A common point of performance degradation in Windows NT Server is hard disk subsystems. Fragmentation occurs naturally over time and can scrub speed from your servers at an alarming rate. Defragmentation tools have been available since the days of MS-DOS, but several vendors have recently introduced disk defragmenters that specifically optimize NT file systems.
Raxco Software's PerfectDisk 2000, which supports Windows 2000 and NT 4.0, lets you optimize the NT file system. The software also supports Windows 9x's FAT32 file systems—a feature sure to please mixed Microsoft shops. You can use PerfectDisk to optimize NT 4.0's directory structure, pagefile.sys, and Master File Table (MFT).
I tested PerfectDisk on a 9.1GB Ultra SCSI disk that I installed on a small server. The disk had a 4GB C:\ partition and a 5GB D:\ partition. The PerfectDisk installation program, similar to Symantec's Norton Speed Disk 5.0, gives you the option to install a "GUI-less" version of the software's engine. Raxco provides this feature for administrators who want to roll out PerfectDisk to corporate desktops without giving end users the ability to initiate defragmentation runs. PerfectDisk installs its optimization engine as an NT service.
PerfectDisk's interface, which Figure 1 shows, is both intuitive and feature-rich. You can choose from two analysis tools: Quick Scan provides a snapshot of your hard disk, and the more comprehensive disk analyzer provides detailed data (e.g., MFT examination, number of fragments per file). Unfortunately, you can't jump between different disk and partition analyses. For example, if you analyze your C:\ partition, then your D:\ partition, you can't return to your C analysis without reanalyzing the C:\ partition.
The software lets you create profiles for various types of workstations or servers. A profile is a template that you use to tailor your defragmentation schedule and to direct which parts of the hard disk you want the software to defragment. PerfectDisk's handy Network Scheduler lets you perform easy network scheduling of workstations and servers running the PerfectDisk service. You can use the Network Scheduler's modifiable All Partitions profile to schedule defragmentation runs on remote machines running PerfectDisk.
PerfectDisk offers three defragmentation methods: a normal defragmentation run; Turbo Defragment, which uses more system resources but finishes the optimization more quickly than the other methods; and Offline Defragment, which attempts to defragment a mounted partition's pagefile.sys file, MFT, and NT directory structure. You can't lock or unmount your bootable partition for an offline defragmentation. If PerfectDisk can't unmount the partition, the software asks for permission to schedule an offline defragmentation at the next system restart. If you schedule an automatic offline defragmentation run using a profile, PerfectDisk warns the user of the impending shutdown.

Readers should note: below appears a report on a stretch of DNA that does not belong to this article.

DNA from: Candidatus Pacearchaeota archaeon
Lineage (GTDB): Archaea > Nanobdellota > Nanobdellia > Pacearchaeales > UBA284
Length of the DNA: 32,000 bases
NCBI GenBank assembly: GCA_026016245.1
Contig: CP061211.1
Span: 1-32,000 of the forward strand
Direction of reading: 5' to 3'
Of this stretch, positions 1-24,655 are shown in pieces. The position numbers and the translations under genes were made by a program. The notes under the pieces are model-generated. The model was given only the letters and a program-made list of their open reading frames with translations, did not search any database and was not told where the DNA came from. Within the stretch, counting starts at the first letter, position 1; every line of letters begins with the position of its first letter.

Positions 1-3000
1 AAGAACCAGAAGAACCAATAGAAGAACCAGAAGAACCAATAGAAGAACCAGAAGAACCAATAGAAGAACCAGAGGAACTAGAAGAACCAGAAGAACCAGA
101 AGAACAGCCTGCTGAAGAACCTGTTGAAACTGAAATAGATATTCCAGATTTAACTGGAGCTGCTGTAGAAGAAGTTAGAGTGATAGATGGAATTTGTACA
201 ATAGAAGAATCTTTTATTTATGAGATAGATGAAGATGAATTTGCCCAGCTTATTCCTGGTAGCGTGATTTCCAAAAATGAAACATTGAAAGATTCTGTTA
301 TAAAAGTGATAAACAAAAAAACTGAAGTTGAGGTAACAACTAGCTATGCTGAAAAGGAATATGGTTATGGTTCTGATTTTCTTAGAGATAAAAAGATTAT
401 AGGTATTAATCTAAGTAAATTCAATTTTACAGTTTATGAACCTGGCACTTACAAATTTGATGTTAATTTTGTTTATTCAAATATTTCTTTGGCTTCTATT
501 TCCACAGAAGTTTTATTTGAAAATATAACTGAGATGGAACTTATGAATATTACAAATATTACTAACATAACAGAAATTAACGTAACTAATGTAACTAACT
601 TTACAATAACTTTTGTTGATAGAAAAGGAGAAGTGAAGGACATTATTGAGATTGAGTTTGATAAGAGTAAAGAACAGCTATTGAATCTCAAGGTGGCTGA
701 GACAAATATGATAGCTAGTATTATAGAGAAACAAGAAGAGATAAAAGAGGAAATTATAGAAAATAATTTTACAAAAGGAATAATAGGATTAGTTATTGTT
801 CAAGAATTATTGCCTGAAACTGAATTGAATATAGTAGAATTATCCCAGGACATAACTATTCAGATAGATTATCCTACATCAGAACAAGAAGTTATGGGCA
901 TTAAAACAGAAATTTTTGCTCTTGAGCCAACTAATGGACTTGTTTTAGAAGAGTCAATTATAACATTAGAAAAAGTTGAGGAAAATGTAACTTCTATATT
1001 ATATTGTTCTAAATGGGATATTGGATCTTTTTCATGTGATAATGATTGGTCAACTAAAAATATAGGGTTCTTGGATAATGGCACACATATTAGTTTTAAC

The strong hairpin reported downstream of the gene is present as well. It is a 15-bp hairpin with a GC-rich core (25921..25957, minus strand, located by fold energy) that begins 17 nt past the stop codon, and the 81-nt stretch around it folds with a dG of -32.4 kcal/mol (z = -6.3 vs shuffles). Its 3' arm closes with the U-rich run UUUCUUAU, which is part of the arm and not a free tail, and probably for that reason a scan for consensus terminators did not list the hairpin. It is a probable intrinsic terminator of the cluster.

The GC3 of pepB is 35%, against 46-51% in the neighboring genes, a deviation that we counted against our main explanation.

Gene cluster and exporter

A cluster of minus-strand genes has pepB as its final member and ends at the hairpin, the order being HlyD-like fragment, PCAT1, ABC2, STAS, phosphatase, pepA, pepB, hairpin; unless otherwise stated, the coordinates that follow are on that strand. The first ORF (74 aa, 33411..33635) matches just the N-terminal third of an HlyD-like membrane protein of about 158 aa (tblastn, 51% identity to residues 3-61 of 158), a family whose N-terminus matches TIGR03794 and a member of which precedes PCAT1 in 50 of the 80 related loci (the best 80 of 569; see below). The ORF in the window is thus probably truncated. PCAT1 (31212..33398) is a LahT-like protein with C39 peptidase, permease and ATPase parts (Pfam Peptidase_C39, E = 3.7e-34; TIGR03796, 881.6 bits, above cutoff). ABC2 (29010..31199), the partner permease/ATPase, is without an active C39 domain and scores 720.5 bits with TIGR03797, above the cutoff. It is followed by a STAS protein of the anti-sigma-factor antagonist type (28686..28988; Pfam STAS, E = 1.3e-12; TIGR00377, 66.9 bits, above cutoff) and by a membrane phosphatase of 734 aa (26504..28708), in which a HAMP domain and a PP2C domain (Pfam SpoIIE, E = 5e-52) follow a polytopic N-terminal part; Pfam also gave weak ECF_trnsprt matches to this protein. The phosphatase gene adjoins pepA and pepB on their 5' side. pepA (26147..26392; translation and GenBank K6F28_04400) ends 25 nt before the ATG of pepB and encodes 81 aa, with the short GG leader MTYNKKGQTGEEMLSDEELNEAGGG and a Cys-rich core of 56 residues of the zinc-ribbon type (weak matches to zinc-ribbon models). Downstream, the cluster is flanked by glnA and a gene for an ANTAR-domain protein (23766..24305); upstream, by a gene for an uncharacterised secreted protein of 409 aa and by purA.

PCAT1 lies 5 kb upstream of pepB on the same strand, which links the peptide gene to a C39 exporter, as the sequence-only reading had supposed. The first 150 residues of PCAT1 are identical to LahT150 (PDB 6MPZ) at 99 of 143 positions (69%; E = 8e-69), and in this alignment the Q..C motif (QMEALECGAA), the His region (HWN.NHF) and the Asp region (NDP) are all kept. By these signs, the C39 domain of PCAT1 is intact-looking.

I created a fairly fragmented (i.e., 37 percent) C:\ partition with 7182 fragmented files that used 2GB of a 4GB partition. The normal defragmentation run finished in 40 minutes, which is quick for a first-time defragmentation run. Subsequent runs took only a few minutes. CPU and memory usage during the runs were very reasonable at 10 to 20 percent utilization and 10MB, respectively. Next, I installed PerfectDisk on a server running Win2K and attempted to defragment a highly fragmented volume that had less than 10 percent available disk space. In its normal defragmentation mode, PerfectDisk defragmented the volume in 2 hours, which is fast considering the low disk space.
PerfectDisk's use of profiles in network scheduling is particularly impressive. Although the product's directory and pagefile optimization routine isn't up to Speed Disk standards, Raxco has created a worthy defragmentation tool for administrators of both homogeneous and heterogeneous Windows environments. The product's pricing is comparable to that of Speed Disk and Executive Software's Diskeeper.
Contact: Raxco Software * 301-527-0803 or 800-546-9728
Price: $44 per workstation; $219 per server (quantity discounts available)
Pros: Easy-to-use, feature-rich interface; easy network scheduling; multiple OS support
Cons: Reboot for directory and pagefile optimization required; switching between analysis views is inconvenient